Credit unions captured 2.2% of the $2.5 trillion first mortgage market in 2006 based on annualized call report data for the first nine months of the year. This share of origination volume is up slightly from the 2.0% recorded in 2005 but remains in the 2.0% to 2.5% range that credit unions have captured annually over the past ten years.
To increase their share of the market by 1%, credit unions need to originate an additional $25 billion in mortgage loans annually, or just over $2 billion per month. While this translates to a 46% increase from 2006 volumes, it would be in line with the $80.1 billion originated across the industry during the refinance boom in 2003. In other words, the industry has demonstrated it has the capacity for this level of activity.
Four Tiers of Mortgage Lending Activity
The chart below shows the distribution of first mortgage lending activity across the industry. At the top tier are the 400 credit unions with the most complete mortgage lending operations. That is, these credit unions originate, sell, and service mortgage loans. The next level is the over 600 credit unions that originate and sell mortgages but do not have a servicing portfolio. The third level represents the approximately 2,700 credit unions that originate mortgage loans but choose to retain them on their balance sheet rather than sell them into the secondary market.
While the good news is that over 3,700 credit unions are active mortgage lenders, the down side is that nearly 5,000, or 58% of all credit unions, report no first mortgage originations. In addition, credit union mortgage lending is concentrated among the largest players, as the top 300 mortgage lenders account for 71% of the industry’s volume. This compares with the top 300 credit unions by assets accounting for 54% of total industry assets.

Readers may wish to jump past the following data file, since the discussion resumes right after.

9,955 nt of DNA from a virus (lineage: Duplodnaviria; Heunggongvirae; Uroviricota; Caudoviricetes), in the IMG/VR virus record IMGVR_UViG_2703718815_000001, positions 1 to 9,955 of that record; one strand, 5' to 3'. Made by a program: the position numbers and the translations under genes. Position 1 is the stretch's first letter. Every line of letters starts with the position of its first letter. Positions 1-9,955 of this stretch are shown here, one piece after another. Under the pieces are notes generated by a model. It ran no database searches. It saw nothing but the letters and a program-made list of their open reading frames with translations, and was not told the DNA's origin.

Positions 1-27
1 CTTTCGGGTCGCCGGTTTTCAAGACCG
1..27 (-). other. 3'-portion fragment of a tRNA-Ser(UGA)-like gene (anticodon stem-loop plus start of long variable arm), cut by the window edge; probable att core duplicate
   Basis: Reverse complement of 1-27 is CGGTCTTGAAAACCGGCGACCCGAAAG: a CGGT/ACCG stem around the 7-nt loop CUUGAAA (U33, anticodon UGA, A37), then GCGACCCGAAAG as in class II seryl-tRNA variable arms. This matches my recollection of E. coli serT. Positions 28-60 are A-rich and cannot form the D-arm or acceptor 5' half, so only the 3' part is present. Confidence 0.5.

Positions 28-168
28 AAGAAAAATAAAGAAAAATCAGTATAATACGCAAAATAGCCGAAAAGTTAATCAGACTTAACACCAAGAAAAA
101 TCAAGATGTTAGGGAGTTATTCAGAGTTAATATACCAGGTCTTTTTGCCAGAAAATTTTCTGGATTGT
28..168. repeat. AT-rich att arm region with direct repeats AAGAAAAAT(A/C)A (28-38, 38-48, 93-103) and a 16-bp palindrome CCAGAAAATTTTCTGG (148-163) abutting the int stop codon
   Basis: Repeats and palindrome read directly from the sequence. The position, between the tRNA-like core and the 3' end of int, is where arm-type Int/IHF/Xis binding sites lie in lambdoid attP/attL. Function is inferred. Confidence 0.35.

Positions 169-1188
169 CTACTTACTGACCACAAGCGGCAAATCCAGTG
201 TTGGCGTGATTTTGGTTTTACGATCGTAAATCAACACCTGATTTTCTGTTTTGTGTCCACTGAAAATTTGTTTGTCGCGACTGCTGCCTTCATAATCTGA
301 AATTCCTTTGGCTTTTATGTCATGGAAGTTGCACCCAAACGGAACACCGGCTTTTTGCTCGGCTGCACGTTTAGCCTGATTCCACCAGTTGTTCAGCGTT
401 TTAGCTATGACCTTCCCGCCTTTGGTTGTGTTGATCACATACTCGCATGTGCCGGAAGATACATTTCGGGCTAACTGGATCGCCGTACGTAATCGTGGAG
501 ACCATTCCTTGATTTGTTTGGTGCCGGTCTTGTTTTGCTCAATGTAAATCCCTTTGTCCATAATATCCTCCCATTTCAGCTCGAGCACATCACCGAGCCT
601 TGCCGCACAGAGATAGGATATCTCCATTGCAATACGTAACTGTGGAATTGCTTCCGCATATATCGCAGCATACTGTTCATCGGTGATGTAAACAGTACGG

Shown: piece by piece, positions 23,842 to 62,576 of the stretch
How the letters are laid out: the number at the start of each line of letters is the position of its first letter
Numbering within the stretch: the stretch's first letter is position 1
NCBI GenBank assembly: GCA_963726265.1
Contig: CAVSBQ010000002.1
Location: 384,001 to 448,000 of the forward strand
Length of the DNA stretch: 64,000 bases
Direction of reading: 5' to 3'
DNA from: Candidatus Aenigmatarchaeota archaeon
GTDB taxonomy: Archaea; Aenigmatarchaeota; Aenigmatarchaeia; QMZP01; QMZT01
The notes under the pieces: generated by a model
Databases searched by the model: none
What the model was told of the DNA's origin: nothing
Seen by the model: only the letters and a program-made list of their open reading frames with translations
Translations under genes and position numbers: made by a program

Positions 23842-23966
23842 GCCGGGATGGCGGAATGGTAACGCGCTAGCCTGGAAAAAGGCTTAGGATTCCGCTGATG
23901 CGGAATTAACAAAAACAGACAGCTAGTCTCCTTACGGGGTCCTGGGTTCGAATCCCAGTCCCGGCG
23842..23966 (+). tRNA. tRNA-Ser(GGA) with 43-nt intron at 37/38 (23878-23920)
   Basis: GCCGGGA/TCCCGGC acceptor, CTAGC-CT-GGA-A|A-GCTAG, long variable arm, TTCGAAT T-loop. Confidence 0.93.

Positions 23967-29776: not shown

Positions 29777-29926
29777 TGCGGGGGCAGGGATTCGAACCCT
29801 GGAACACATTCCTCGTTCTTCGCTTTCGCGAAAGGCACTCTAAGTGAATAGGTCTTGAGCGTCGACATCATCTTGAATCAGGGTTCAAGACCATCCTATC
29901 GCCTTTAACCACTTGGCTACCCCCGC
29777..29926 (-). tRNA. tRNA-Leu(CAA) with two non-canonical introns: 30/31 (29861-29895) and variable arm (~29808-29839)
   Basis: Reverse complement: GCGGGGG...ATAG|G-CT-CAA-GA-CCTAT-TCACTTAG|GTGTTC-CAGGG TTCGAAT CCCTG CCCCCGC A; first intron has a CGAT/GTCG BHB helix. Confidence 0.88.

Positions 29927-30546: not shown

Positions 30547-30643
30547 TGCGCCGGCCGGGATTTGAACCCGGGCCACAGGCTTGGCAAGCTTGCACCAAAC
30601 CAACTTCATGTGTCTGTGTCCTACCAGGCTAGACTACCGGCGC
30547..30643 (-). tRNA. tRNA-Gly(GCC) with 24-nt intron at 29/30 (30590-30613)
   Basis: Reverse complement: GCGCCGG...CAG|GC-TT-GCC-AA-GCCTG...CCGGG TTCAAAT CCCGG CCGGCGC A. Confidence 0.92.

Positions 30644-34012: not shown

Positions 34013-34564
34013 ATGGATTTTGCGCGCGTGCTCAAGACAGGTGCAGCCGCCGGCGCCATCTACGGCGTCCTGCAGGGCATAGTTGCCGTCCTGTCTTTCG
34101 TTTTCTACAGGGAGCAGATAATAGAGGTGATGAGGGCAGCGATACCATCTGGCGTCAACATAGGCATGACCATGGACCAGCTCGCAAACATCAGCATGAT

Although some mortgage lending volume that is originated through CUSOs is not captured in the call report, the dynamics of the industry are evident in these numbers. To achieve a breakthrough in the mortgage market, the industry cannot rely solely on those credit unions that are already active in mortgage lending to generate the additional volume. There will need to be a different approach that impacts activity across the entire credit union community.
Enabling the Fourth Tier
Credit unions’ willingness to collaborate in mortgage lending will be essential to their ability to increase their market share. While many smaller credit unions would find it impossible to develop mortgage lending capabilities on their own, collaboration provides them with the ability to offer their members a complete range of mortgage products. Such collaboration is already occurring in many CUSOs, where investments in mortgage lending capabilities are being shared across multiple credit unions, allowing credit unions as small as $1 million in assets to serve members’ housing needs.
By leveraging investments in mortgage lending capabilities across the credit union community, more credit unions can have an impact on both their members’ lives and the industry’s market share. The key to moving credit union market share above 2.5% is ensuring the 58% that are currently not providing mortgage loans to their members have the ability.